Whitman news since 1896

Whitman Wire

Vol. CLIV, Issue 10
Whitman news since 1896

Whitman Wire

Whitman news since 1896

Whitman Wire

Latinx’s Hidden Colonial Roots

Latinx. This new term has taken the western world by storm, appearing in corporate HR slides, DEI initiatives and so on. As the issue has made its way to the international debate stage over the past decades, figures involved in shaping Latin identity like civil rights icon Dolores Huerta have weighed in on the issue, and the reviews are less than stellar. 

In a 2018 interview for ABC News, Huerta asserted that ‘gender neutral’ terms like Latinx and Hispanic are “[taking] away from our indigenous heritage.” 

Admittedly, it’s a polarizing issue. America and Western culture often impose labels (like Latinx) in the name of inclusivity, seldom consulting the group in question and displaying a blatant disregard for historic, cultural and linguistic nuance. 

While some people’s visceral reaction may be to cry foul and defend the term, there’s more to it than meets the eye, from a hidden history to alternatives more warmly embraced by Latin Americans. 

Where and when did the term Latinx initially come to fruition? Although it’s unclear, most accounts vaguely cite a “white imposition” of the term on the Latin American community, or its first online appearances around 2004 as the term’s birthplace. Having ignored the sprawling diaspora of culture behind Latin-American Spanish, the term has (expectedly) encountered troves of resistance from both young and old Latines, but some say they’ve grown to accept it … sort of. 

Visiting Assistant Professor of Hispanic Studies Mariana Peréz says that as someone who first came to the United States to complete her Ph.D., she was initially skeptical, but grew to understand its use. 

“I was a little skeptical because I wasn’t sure what it meant, particularly because in Mexico they used the @ sign instead of an ‘a’ or an ‘o’ to signal neutrality, and that was always a perfectly acceptable alternative in texts and dialogue,” Peréz said.

 Peréz also says that claims painting Latinx as linguistic imperialism aren’t necessarily wrong. 

“[Latinx] started in the U.S., and the country that initially introduced efforts to counter the globalization of the term was Argentina, which first introduced Latine as a way to “Latinize” the word,” Peréz said. Latine remains a term many countries and even their respective governments in Latin America have opted to use instead of the American Latinx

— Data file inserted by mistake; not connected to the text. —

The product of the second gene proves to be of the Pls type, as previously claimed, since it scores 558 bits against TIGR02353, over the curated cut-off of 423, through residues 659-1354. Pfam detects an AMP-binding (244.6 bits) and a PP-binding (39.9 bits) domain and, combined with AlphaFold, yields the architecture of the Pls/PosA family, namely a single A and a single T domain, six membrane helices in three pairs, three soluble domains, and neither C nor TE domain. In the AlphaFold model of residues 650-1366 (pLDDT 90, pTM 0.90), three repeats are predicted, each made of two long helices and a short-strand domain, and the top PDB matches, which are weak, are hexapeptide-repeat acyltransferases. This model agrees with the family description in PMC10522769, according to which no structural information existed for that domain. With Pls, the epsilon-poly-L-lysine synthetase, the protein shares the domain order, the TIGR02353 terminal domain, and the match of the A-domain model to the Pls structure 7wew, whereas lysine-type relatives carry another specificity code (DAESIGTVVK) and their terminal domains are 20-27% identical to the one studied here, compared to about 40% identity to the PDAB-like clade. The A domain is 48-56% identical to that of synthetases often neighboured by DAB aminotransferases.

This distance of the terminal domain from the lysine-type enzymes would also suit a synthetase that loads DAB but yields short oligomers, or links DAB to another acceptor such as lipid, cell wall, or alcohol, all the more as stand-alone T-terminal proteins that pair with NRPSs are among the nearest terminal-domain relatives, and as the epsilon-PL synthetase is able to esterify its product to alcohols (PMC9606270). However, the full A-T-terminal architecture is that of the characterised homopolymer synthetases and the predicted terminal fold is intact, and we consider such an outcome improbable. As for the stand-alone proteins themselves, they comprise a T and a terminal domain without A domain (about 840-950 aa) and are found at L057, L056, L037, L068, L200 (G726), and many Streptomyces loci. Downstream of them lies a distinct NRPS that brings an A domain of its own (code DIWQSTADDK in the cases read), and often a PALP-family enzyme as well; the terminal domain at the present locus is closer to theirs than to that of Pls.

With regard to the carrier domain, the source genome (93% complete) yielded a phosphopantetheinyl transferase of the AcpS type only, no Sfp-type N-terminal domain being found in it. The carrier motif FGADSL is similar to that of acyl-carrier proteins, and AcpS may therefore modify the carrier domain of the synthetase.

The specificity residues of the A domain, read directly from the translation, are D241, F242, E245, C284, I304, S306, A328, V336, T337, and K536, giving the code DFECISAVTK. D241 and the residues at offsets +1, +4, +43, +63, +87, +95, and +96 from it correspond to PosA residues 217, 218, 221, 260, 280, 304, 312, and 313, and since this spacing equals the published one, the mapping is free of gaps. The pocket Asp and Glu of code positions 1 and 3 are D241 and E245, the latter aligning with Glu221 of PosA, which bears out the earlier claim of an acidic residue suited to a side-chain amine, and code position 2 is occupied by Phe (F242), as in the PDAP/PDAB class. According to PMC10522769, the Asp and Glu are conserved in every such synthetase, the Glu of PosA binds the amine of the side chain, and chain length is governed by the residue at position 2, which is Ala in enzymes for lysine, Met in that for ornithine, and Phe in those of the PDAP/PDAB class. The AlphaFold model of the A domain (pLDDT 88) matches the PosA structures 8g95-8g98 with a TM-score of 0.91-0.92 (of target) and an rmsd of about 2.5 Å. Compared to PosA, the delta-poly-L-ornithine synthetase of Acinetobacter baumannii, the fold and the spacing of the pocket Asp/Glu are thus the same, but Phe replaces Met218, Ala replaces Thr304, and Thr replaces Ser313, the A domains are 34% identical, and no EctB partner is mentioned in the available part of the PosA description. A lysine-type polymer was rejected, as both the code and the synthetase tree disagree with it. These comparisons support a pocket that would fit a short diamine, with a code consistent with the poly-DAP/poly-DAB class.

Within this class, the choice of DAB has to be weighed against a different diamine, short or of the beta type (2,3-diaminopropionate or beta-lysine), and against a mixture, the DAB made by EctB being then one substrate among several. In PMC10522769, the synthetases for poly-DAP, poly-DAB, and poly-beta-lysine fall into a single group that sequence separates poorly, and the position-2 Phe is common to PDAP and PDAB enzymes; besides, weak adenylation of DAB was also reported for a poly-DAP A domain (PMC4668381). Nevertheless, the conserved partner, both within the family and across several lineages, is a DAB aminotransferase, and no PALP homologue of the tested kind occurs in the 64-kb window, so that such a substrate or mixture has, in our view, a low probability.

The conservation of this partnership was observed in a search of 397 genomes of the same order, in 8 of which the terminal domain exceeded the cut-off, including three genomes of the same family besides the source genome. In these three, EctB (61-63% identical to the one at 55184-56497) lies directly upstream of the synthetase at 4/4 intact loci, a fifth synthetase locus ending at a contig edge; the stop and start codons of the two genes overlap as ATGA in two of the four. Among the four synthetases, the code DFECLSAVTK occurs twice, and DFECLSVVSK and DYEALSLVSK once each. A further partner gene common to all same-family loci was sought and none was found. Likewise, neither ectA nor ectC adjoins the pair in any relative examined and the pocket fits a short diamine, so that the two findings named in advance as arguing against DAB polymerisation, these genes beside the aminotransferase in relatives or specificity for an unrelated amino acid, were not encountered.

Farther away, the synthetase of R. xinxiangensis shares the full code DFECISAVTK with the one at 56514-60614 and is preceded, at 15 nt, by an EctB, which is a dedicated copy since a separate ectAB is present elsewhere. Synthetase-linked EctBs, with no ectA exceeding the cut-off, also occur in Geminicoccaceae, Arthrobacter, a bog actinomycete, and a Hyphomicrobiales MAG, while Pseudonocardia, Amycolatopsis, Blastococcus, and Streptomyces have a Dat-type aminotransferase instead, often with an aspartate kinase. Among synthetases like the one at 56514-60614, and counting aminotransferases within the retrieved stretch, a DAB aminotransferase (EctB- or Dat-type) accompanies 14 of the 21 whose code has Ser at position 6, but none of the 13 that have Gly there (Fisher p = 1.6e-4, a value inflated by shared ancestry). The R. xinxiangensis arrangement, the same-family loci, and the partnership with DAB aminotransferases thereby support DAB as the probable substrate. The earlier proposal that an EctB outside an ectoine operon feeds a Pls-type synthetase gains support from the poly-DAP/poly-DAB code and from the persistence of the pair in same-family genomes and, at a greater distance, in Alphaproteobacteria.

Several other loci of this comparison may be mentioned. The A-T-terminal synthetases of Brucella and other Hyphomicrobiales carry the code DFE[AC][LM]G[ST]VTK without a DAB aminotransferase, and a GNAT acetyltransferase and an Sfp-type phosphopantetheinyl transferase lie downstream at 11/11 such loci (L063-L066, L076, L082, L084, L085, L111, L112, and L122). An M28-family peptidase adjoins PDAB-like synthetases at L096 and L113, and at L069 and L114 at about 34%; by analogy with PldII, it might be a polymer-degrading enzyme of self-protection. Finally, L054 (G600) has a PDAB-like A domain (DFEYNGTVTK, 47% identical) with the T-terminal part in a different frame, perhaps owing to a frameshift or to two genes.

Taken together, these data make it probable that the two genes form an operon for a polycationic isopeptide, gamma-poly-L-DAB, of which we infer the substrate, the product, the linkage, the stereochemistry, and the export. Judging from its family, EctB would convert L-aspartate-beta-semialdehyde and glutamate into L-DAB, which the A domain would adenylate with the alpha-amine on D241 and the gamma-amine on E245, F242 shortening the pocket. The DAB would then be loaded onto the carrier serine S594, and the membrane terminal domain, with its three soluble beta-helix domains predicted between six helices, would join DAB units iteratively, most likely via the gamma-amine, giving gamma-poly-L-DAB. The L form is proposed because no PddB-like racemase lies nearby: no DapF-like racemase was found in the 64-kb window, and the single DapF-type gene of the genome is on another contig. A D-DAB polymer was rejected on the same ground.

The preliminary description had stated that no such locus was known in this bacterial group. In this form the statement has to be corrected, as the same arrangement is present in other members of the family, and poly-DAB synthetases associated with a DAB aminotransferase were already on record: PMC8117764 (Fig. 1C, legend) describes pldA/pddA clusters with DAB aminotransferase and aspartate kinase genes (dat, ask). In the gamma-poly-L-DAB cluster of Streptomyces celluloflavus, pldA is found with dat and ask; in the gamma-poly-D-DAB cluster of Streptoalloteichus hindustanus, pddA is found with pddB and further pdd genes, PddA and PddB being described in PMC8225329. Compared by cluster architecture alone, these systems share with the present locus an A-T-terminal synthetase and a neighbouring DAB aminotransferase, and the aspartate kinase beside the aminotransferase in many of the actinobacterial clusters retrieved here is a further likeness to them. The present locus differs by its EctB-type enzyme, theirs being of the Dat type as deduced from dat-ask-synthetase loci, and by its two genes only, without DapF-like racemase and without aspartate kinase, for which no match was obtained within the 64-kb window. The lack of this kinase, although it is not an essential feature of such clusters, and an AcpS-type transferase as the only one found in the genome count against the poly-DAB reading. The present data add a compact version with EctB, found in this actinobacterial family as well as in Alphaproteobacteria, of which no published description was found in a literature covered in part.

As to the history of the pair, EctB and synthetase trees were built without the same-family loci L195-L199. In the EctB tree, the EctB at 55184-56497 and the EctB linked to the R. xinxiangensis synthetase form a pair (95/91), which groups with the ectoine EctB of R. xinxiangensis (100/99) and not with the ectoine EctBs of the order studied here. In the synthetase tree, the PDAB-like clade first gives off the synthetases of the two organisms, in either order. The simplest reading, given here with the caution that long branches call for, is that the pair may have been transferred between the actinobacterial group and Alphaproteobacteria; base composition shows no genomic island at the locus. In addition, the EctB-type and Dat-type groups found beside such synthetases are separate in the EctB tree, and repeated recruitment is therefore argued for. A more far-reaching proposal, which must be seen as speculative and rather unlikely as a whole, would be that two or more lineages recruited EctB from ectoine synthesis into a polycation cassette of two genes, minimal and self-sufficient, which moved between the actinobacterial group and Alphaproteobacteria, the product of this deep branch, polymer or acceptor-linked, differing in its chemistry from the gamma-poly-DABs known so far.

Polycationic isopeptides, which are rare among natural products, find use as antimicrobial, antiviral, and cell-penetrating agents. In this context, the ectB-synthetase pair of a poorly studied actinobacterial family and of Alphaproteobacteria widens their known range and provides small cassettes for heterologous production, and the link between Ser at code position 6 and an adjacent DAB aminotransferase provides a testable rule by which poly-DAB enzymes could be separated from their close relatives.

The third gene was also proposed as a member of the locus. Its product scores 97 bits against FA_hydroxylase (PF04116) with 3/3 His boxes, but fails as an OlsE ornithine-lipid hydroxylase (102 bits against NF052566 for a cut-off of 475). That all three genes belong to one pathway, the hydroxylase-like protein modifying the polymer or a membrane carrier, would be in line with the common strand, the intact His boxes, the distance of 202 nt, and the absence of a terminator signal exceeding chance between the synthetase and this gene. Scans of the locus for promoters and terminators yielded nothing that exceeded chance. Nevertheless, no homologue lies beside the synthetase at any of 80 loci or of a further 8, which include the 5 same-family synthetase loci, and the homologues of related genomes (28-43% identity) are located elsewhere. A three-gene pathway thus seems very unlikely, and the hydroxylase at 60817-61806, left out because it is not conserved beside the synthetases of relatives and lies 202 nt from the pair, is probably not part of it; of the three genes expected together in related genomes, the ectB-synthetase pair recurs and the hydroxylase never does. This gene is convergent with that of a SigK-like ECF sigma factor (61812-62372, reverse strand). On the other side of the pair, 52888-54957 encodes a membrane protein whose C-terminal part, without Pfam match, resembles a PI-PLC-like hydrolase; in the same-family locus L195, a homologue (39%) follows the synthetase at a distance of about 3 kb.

First-year Ivan Goris, a Latine student from the Dominican Republic, says that Latinx is a term made by Americans, for Americans. 

“I consider it to be something heavily based on American linguistic culture, which also means it’s not grammatically correct in Spanish,” Goris said. 

Goris added that many feel it makes those in the gender-curious community who don’t necessarily want to put themselves in the nonbinary box feel invisible, most notably because of X’s association with 0, and nothing. 

Although a Pew Research census from 2020 and a subsequent Gallup Poll from the following year show an increase of 1 percent (from 3 percent to 4 percent) in Latines who use Latinx, it’s evident that America’s supposed pioneers of inclusivity and allyship can’t help but incessantly colonize language under the guise of progress — and this isn’t the first time. It’s happened with many marginalized communities, and even during the Nixon administration’s 1970 census that labeled us as “Hispanics” a term that ties the Latin American population to the colonial powers that massacred our indigenous ancestors. 

So, why not abandon Latinx altogether in favor of a term like Latine that respects grammatical nuance and cultural significance? Some will tell you it’s a divide between the old-heads and the younger generation, but a quick conversation with international and American Latine students alike will assure you Latinx is a term even younger generations dislike, and the reason why is crystal clear; it’s not our word, and it wasn’t our choice. To have our linguistic identity mangled into a word that sounds like the newest iPhone in the name of progress has irreparably peeved the Latine masses, not because we don’t care about inclusivity, but because we care about the preservation of our cultures and are painstakingly aware that there’s already an alternative that respects linguistic differences. 

There is no question about it — this will happen again. Some other marginalized group will have to hold the hand of the newest “progressives” attempting to impose or popularize yet another label upon an overwhelmingly unwilling group, and explain not only why it’s unwelcome, but also why they shouldn’t ever be the ones telling us to do it.

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